Please Do Not Throw Sausage Pizza Away !!!
You might be wondering what I am talking about, but take a closer look at the Red letters above…Yes you are right, these are the first letters of the 7 Layers of the OSI Model, the fundamental building block of TCP/IP Networks.
The 7 Layers of the OSI Model are shown below.
- Layer1:Physical Layer
- Layer2:Data Link Layer
- Layer3: Network Layer
- Layer4: Transport Layer
- Layer5: Session Layer
- Layer6: Presentation Layer
- Layer7: Application Layer
The OSI reference model specifies standards for describing “Open Systems Interconnection”. The term ‘open’ was chosen to emphasise the fact that by using these international standards, a system may be defined which is open to all other systems obeying the same standards throughout the world.
It consists of 7 Layers with each Layer being functionally independent of the others. Control is passed from one layer to the next, starting at the top and proceeding to the bottom layer, over the channel to the other station and back up the layers. The receiving layer at the destination host receives exactly the same object as sent by the matching layer at the source host. This is shown in the diagram below:
The layers are in two groups. The upper four layers are used whenever a message passes from or to a user. The lower three layers are used when any message passes through the host computer. Messages intended for this computer pass to the upper layers. Messages destined for some other host are not passed up to the upper layers but are forwarded to another host.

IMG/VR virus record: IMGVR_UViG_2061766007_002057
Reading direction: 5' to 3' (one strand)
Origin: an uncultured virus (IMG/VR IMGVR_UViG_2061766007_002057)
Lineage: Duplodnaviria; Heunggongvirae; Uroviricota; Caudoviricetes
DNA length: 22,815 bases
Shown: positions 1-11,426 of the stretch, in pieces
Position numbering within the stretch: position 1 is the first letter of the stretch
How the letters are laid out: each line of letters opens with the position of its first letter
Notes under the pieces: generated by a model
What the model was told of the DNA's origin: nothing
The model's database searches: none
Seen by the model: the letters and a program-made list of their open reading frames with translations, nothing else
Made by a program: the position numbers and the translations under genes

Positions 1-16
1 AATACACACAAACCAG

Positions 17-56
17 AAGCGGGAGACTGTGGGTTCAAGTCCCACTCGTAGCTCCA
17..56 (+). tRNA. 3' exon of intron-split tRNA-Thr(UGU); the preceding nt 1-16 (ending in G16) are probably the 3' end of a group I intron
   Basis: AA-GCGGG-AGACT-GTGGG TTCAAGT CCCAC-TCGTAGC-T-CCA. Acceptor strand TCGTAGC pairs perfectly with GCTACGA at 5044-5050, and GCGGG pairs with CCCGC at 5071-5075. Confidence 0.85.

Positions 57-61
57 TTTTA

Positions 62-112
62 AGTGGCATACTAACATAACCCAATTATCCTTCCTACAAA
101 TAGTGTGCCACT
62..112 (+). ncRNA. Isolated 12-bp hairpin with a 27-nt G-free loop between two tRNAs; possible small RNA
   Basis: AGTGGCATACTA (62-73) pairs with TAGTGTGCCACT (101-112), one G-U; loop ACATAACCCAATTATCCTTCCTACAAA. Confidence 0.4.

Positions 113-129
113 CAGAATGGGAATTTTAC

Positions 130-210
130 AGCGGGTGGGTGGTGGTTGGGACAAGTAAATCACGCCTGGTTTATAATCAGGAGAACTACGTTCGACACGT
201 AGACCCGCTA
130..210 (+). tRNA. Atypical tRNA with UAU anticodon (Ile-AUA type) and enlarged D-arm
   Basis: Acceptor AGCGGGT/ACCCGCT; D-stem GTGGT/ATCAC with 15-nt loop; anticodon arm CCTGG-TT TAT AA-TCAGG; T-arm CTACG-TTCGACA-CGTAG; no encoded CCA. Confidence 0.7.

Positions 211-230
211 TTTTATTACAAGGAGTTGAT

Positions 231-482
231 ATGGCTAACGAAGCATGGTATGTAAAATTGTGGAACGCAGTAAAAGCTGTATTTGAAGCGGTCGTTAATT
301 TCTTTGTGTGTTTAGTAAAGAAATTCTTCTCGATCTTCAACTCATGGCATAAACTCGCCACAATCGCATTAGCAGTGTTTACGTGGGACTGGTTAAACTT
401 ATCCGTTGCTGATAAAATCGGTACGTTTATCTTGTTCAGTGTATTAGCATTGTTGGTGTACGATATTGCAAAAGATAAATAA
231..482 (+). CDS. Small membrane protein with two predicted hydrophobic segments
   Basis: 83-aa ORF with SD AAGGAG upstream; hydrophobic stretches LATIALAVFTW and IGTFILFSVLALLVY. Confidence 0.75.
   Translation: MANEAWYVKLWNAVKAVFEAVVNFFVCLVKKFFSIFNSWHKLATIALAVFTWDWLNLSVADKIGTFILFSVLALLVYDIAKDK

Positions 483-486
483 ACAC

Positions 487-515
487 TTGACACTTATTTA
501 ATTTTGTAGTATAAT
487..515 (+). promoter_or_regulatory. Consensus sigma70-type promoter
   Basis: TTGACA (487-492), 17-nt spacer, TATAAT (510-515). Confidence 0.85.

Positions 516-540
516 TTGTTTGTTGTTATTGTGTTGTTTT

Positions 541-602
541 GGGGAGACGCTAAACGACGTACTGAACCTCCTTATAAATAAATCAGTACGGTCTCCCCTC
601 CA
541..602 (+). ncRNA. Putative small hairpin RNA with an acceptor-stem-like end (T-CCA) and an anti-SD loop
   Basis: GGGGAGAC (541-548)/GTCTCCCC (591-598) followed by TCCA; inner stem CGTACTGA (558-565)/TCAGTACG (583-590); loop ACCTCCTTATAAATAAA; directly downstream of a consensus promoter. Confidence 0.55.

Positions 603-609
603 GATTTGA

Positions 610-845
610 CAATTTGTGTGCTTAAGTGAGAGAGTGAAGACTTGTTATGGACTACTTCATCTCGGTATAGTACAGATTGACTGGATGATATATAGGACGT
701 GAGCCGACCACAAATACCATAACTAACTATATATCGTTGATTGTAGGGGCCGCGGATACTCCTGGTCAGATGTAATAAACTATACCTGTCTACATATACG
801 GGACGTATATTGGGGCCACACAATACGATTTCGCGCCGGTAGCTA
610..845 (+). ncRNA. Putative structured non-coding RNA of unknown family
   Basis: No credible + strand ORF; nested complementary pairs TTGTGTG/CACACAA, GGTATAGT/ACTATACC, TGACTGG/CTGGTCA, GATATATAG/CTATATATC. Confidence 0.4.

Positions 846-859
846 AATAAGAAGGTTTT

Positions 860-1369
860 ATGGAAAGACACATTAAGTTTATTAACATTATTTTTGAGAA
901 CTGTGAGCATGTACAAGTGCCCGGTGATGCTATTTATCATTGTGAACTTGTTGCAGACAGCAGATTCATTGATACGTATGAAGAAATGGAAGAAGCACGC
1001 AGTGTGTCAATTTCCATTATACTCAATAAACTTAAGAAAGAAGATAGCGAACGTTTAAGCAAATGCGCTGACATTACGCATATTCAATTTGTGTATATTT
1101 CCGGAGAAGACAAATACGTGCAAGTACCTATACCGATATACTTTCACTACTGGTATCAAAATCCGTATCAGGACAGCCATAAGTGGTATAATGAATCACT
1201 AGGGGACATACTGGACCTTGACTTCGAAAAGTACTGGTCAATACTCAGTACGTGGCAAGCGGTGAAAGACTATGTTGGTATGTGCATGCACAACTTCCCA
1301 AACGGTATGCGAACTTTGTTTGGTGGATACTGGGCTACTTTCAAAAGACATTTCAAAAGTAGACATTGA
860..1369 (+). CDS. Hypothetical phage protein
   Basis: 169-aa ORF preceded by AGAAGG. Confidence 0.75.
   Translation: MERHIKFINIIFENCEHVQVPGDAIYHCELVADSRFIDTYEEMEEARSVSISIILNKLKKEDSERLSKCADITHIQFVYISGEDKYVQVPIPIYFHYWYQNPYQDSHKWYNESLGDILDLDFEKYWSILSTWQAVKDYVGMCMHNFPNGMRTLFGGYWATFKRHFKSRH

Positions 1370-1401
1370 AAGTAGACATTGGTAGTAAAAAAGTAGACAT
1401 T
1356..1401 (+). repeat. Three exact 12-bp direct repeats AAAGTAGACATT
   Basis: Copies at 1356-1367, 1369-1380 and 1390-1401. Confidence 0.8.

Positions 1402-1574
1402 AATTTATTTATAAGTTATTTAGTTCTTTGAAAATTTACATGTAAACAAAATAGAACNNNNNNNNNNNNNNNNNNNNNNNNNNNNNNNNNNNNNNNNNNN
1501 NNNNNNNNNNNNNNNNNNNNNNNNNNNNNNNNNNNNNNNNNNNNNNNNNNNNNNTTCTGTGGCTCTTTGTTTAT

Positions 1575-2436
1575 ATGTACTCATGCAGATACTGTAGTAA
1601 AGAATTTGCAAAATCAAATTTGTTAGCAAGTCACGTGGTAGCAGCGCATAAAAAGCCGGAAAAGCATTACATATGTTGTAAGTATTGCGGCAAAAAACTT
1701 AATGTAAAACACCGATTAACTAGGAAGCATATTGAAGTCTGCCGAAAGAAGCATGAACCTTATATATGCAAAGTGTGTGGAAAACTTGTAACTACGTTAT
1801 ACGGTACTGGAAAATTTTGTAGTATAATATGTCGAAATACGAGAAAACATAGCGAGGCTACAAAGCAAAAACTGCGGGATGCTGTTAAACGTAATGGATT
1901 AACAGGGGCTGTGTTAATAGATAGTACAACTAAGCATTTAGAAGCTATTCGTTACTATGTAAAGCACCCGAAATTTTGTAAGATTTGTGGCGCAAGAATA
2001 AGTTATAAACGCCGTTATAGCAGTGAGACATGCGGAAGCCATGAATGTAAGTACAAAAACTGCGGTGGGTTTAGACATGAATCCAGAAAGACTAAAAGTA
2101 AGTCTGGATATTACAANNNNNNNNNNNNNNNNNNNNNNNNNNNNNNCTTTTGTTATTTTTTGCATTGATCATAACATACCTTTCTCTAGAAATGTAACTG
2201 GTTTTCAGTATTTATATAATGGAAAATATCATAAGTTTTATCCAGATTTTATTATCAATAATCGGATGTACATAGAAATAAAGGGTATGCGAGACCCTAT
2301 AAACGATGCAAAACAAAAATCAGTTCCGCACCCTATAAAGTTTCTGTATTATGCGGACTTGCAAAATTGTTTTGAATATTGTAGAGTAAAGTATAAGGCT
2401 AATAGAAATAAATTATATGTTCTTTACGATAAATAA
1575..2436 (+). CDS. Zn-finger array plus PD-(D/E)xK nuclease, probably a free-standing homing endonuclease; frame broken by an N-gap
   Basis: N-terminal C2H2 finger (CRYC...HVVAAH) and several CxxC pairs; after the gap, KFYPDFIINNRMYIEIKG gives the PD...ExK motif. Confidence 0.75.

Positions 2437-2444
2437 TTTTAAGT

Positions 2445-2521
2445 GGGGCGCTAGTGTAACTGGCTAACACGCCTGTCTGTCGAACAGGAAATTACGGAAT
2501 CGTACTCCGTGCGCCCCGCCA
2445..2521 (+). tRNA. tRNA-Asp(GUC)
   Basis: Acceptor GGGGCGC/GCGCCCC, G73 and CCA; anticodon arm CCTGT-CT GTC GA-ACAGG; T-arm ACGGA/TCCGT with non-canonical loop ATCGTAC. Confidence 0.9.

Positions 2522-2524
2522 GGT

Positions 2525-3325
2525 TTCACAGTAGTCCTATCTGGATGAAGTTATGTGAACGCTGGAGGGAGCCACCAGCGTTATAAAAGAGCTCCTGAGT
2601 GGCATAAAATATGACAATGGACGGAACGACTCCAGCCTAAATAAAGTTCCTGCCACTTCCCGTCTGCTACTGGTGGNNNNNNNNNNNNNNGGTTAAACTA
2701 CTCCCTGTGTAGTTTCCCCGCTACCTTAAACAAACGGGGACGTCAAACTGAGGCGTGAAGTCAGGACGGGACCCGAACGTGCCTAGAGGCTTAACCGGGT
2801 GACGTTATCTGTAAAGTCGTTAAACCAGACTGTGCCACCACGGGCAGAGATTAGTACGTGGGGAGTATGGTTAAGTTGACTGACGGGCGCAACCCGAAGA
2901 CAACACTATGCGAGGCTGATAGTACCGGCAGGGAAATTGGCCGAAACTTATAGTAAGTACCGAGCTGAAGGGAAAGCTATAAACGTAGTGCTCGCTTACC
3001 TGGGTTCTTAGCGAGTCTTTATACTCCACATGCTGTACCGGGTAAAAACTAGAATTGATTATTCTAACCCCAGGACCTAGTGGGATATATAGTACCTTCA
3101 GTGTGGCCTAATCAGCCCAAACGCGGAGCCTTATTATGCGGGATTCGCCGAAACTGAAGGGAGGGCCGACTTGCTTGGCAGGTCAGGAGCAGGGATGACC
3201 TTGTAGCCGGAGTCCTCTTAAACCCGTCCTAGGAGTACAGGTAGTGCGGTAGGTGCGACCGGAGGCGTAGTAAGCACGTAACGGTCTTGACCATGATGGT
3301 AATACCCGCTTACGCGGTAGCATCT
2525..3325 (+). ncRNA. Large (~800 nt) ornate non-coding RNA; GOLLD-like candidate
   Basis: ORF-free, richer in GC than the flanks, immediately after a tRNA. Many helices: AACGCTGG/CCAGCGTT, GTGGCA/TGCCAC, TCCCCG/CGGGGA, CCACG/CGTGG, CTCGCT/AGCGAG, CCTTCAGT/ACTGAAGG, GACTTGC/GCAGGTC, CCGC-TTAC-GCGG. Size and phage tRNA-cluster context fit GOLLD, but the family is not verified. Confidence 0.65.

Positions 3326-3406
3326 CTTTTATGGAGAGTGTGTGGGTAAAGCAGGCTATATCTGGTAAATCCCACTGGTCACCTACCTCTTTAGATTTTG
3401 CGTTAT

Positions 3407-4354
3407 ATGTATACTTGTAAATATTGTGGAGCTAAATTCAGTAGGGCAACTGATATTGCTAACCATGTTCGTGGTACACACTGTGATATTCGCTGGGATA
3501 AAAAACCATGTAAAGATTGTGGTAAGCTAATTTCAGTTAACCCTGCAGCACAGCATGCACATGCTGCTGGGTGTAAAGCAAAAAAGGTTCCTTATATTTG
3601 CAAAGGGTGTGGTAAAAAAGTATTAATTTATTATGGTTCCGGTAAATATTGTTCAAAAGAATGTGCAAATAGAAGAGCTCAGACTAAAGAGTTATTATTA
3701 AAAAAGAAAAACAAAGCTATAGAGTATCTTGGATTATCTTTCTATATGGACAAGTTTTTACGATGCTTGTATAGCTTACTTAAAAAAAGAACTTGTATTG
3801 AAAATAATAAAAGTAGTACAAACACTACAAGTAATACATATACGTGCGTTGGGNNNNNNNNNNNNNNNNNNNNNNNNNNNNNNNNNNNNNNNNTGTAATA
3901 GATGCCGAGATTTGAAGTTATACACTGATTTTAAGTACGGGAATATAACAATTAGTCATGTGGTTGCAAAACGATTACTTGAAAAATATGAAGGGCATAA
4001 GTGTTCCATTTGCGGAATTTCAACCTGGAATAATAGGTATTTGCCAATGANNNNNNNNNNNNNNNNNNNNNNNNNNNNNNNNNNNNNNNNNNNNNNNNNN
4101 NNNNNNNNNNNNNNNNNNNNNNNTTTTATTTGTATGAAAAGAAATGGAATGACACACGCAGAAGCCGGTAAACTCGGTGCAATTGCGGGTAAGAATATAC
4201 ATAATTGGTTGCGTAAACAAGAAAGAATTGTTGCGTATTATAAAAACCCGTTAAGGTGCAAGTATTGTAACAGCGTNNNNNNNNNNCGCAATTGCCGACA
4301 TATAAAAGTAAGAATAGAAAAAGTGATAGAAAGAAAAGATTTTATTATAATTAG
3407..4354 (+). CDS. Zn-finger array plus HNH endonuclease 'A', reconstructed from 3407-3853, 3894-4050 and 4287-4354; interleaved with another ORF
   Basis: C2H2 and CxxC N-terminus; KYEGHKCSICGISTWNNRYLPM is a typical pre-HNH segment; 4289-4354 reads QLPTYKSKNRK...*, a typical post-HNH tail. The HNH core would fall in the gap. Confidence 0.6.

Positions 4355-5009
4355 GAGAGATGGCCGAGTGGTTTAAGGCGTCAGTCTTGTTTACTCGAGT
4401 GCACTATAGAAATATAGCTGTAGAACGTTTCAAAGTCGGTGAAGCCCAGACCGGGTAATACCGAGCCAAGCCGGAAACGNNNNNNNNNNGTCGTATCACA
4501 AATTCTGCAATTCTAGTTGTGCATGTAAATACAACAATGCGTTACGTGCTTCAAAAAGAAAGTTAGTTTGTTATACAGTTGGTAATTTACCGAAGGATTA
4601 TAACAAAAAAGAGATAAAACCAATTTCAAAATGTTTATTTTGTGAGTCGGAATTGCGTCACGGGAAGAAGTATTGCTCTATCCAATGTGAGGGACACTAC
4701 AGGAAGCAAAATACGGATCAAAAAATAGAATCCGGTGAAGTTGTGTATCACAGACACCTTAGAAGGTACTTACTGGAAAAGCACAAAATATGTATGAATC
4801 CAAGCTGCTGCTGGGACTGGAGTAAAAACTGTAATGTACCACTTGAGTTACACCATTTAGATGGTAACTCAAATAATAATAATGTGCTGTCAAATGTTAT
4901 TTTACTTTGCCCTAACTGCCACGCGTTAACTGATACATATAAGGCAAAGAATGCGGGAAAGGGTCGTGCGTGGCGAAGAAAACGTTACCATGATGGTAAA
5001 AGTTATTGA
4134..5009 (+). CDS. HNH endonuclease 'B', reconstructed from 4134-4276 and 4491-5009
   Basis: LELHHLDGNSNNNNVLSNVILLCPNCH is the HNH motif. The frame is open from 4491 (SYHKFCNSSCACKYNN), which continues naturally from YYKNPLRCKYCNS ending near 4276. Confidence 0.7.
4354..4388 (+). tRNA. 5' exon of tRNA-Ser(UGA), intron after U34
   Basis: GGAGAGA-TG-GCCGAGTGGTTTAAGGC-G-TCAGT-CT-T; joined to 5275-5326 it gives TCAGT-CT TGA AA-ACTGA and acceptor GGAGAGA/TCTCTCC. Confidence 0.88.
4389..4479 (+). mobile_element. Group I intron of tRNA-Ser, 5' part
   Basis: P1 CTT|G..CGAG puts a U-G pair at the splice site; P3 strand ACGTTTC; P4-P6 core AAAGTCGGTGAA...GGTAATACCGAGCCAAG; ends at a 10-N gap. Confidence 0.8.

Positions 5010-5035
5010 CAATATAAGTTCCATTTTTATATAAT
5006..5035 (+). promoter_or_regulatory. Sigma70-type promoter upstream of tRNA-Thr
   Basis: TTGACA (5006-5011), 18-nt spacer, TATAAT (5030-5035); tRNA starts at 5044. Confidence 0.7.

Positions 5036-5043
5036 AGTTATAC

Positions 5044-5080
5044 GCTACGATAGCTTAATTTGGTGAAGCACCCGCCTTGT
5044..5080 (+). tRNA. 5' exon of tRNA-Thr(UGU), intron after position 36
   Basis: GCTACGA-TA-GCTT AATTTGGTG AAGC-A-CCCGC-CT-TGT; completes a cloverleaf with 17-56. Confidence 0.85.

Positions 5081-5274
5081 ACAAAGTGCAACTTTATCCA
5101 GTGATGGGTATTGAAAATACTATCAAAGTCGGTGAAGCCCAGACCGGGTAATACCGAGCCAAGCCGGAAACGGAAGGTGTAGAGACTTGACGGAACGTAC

The sending process passes data to the application layer. The application layer attaches an application header and then passes the frame to the presentation layer.
The presentation layer can transform data in various ways, if necessary, such as by translating it and adding a header. It gives the result to the session layer. The presentation layer is not aware of which portion (if any) of the data received from the application layer is the application header and which portion is actually user data, because that information is irrelevant to the presentation layer’s role.
The process of adding headers is repeated from layer to layer until the frame reaches the data link layer. There, in addition to a data-link header, a data-link trailer is added. The data-link trailer contains a checksum and padding if needed. This aids in frame synchronization. The frame is passed down to the physical layer, where it is transmitted to the receiving host. On the receiving host, the various headers and the data trailer are stripped off one by one as the frame ascends the layers and finally reaches the receiving process.